Unless you are a UFC fighter, than there are very few things in life you can’t do while being considerate and thoughtful. And just because a man is kind does not make him weak. Be aware of the differences between being kind and being a pushover. Be kind, but know when you have to take a stand and when you have to say no to someone. Being kind makes you more likable, which makes people want to be around you and get your opinion on things. You will meet more people, and your kindness will give way to a more positive outlook on things.

Have perspective

Having perspective allows you many things, like never over looking people, never underestimating people, and always seeing a situation in more than one way. A lot of men think that being driven means you have to be so focused on the end goal that you lose sight of the people and places along the way. Be driven, but don’t be blinded by the light at the end of the tunnel. Be focused on where you want to go, but remember that there are plenty of ways to get there.

There is no handbook to what being a man is in today’s world. Everybody has to find there own way and there isn’t a self-help book or seminar in the world that will hand you what hard work allows you to earn. Being a man means being comfortable with who you are, and not letting anyone else’s ideas of what you should be or who you should be get in the way of what you want to be.

 

 

 

 

 

Thinking Systems

Lately I have been reading a book all about how people think. I won’t go into too much detail about it because, frankly, I don’t understand a majority of what I am reading. Basically, it talks about how people have two “thinking systems.” The first system is very much a reactionary, instinctual, you know it as soon as you see it type of process. When you’re waiting at a stop light and it turns green, your brain does very little processing before it tells you to push the gas pedal. The second system is your critical thinking system. It does things like multiplying numbers bigger than 3 and estimating how long it would take you to drive to Orlando for a family vacation.

[Side Note: I drove to Orlando for a family vacation. It takes about 15 hours with a dog and you should get an audio book. Definitely get an audio book. I digress…]

Thinking about thinking got me thinking about how men and women apply these two systems in their everyday lives. The name of the book is Thinking, Fast and Slow by Daniel Kahneman. When I saw the title, my immediate gut reaction (System 1) told me that my wife is a fast thinker and I am a slow thinker. I thought the book was going to confirm what I already knew in that some people have the ability to process information much quicker than others to come to a logical conclusion about.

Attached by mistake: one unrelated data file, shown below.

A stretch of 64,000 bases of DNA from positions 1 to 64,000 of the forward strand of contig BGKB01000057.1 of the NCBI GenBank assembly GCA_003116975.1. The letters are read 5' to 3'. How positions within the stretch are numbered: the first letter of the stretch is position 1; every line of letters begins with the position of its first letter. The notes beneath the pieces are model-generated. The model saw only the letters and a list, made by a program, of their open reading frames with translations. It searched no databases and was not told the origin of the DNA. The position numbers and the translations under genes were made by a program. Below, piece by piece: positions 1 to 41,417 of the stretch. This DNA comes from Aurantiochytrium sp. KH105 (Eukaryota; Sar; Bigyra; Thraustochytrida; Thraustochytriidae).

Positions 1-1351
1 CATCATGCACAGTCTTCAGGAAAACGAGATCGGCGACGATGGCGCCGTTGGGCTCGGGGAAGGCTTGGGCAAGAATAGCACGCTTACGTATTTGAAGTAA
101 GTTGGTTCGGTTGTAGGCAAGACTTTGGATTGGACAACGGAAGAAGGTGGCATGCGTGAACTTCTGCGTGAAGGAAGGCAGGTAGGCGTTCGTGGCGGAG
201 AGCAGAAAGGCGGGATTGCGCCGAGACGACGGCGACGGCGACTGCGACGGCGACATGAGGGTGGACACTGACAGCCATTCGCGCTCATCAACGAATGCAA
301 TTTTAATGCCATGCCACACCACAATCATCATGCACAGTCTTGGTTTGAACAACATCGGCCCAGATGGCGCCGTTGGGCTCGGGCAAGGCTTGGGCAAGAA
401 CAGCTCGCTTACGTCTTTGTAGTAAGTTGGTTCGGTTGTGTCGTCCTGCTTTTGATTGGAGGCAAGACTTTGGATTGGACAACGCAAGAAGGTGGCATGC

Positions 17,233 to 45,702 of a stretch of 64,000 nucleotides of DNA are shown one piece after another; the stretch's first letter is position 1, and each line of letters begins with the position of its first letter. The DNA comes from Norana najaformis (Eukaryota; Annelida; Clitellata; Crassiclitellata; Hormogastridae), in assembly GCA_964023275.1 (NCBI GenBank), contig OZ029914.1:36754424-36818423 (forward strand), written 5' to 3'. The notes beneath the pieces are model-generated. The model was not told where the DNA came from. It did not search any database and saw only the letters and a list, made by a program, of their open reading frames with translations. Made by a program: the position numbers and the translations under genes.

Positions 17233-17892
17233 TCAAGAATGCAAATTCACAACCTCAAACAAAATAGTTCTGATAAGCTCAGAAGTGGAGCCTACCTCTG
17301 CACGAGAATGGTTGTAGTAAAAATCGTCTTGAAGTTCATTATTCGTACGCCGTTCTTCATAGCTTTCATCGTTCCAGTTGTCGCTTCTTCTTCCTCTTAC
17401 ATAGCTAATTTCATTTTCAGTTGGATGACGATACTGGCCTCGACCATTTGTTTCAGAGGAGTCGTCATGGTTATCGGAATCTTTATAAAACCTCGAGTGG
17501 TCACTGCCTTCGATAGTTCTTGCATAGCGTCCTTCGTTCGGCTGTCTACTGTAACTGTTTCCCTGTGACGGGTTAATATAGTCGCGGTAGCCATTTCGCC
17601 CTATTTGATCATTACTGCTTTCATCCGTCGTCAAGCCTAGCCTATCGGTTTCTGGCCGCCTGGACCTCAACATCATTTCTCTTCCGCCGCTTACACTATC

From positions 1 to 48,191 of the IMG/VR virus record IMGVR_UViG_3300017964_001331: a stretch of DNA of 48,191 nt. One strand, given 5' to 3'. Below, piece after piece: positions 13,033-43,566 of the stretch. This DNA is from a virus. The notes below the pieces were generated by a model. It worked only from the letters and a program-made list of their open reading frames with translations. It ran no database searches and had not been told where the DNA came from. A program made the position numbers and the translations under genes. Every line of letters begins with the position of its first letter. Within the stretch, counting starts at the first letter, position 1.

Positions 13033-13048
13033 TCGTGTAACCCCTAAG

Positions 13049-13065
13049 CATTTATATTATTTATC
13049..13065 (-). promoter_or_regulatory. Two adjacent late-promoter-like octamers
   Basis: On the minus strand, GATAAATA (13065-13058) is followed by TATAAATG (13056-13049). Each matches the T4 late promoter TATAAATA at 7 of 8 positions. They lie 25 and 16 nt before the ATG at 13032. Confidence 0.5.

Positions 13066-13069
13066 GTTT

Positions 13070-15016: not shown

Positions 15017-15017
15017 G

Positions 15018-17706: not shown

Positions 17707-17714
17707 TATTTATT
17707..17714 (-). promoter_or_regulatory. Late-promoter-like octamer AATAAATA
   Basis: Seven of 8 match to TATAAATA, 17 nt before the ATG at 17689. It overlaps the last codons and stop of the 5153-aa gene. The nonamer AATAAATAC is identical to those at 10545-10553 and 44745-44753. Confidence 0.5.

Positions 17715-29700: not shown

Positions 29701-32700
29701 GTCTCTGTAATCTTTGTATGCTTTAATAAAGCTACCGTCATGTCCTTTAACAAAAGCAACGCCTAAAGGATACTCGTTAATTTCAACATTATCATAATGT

For example, I rarely fight with my wife because she has a remarkable ability to think logically in the heat of the moment. She can remember countless examples of very specific instances when I said something a certain way or refused to do something when it needed to be done. She can recite entire conversations we had months before where I had contradicted whatever my current position happened to be. I, on the other hand, have a hard time remembering much more than, “I do remember saying something about that…” or “I’m pretty sure that what I meant when I said that was…” What it comes down to for me is that I know better than to try to call my wife out on anything beyond catching her red-handed in the act, which she is way to careful to ever let happen.

Now, if we were to schedule a fight for 8:00 pm, and I was presented a list of her arguments well in advance, I think I would have a pretty good shot at winning my case as to why I shouldn’t have had to take the dog out this morning despite the fact that it was my day to do so.

“Well, babe, having taken the dog out the two nights prior should have bought me some chore-equity. Not to mention the fact that I have this email from you dated 1/23/2013 stating that you owe me for buying you flowers.”

What the book is actually about is how we put these two systems to work. Remember, System 1 is your reaction and “know it without thinking about it system” and your System 2 is your critical thinking system. We all have both systems, but some of us are about to lean heavier on one system or another at any given time.